Mumbai: Shyma Varghese, 23, got her first salary and was planning to invest in a bank fixed deposit. However, the call centre employee has decided otherwise now. “With the inflation peaking to a seven-year high of 8.75%, a return of 8.50% on one-year fixed deposit does not attract me. The return on bank deposit has become negative. I am now looking for the next best investment option,” said Varghese.
Inflation is at 8.75%, but banks generally offer 8.5% for a one-year fixed deposit and interest rate earned on bank deposits are subject to tax. A person who pays 30% tax ends up earning 5.95% on the deposit. Here, the real interest earned turns out to be a negative 2.8%.
The rising inflation has affected the common man most as on the one hand his cost of living is increasing while the return of investments is falling. To contain inflation, the Reserve Bank of India (RBI) on 11 June hiked the repo rate (the rate at which banks borrow money from the central bank) by 25 basis points, or a quarter of a percentage point, to 8%.
The hike has now forced bankers to consider raising lending rates. However, they seem to be in no hurry to hike the deposit rates.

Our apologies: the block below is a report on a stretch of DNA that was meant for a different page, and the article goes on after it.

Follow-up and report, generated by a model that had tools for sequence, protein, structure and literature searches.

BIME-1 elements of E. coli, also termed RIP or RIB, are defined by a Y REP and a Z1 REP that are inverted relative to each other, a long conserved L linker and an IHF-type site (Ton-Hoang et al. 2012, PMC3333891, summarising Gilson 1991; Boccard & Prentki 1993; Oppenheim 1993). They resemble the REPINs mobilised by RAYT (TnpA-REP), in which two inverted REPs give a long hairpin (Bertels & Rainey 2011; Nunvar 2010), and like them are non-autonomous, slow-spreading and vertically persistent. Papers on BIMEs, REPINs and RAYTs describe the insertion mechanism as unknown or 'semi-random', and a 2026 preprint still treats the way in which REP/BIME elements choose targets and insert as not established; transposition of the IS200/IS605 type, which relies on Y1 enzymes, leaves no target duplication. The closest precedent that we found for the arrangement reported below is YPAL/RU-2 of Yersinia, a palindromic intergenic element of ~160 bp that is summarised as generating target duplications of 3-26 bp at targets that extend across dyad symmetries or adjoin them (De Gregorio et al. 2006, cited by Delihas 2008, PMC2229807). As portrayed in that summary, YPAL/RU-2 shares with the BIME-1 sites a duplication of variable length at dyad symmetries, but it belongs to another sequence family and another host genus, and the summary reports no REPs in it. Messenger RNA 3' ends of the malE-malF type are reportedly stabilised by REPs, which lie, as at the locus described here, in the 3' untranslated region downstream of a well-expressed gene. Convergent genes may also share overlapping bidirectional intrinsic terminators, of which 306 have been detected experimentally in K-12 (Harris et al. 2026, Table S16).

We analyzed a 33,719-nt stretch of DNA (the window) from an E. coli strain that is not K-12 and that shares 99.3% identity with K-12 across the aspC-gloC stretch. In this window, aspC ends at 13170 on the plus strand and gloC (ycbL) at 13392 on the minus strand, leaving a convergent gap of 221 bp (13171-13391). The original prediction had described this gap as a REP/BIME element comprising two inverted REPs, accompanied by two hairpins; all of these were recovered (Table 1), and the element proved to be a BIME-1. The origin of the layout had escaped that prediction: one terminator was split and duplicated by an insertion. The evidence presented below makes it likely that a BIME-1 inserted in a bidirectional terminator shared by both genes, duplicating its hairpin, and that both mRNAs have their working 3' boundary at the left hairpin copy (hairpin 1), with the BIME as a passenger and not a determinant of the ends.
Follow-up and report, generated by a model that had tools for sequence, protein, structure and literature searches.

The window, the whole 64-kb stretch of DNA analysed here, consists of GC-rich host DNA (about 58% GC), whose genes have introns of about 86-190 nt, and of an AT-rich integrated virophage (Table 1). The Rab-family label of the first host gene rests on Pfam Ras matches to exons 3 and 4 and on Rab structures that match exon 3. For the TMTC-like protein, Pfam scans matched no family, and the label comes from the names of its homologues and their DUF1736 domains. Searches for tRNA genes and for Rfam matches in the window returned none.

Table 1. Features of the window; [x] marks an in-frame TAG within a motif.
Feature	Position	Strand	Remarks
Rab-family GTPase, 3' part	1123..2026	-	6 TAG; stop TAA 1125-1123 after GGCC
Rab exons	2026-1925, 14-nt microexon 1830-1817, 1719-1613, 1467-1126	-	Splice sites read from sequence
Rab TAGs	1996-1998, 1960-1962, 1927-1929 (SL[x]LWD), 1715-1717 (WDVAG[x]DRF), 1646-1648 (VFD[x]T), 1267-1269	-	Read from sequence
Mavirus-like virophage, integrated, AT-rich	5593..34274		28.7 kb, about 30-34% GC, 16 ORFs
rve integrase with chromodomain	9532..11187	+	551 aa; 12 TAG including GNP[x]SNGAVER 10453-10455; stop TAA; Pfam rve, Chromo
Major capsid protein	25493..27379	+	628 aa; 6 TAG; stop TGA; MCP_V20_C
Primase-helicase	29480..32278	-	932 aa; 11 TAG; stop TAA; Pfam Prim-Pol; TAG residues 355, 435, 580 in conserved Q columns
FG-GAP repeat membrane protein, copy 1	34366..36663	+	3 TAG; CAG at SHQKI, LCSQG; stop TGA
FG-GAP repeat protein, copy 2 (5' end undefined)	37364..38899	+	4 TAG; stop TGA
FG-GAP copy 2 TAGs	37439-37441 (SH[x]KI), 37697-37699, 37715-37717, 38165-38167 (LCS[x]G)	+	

Prakash Mallya, chairman and managing director of Vijaya Bank, said: “People will never part ways with fixed deposits because of the certainty factor. A fixed deposit is a liquid investment. You can take your money anytime you want from the bank, there is no lock-in period as it is in mutual funds. People have confidence in banking system, equity market can never give you that kind of confidence.”
Banks cannot raise rates to counter inflation-related loss to the customers, he said. “We are also concerned about the situation but we cannot raise our deposit rates because our margins will be under pressure. As far as Vijaya Bank is concerned, our deposit base has gone up since March, we don’t see any problem here.”
“When inflation was at 4%, banks were offering 8% interest on deposits, said M.V. Nair, chairman and managing director, Union Bank of India. “Negative return on bank deposit on account of the rising inflation is also a passing phenomenon. The measures taken by the government and the central bank to tame inflation will reflect in the next two to three months. No individual will close their deposit account overnight because returns have turned negative. People like steadiness.”
Nilesh Shah, chief investment officer of ICICI Prudential Asset Management Co. Ltd, said it will be dangerous if investors stop saving. “High inflation should not dissuade investors from the habit of saving. Banking system cannot be ignored even at a time when inflation rate is high.”
“Stock market has been down for the last six months. This is a buying opportunity and investors should build up their portfolio in a slow and steady manner. Equities provide best protection, it is the best hedge against inflation. Mutual funds are attractive than bank deposits as the overhead costs are less than fixed deposits,” added Shah.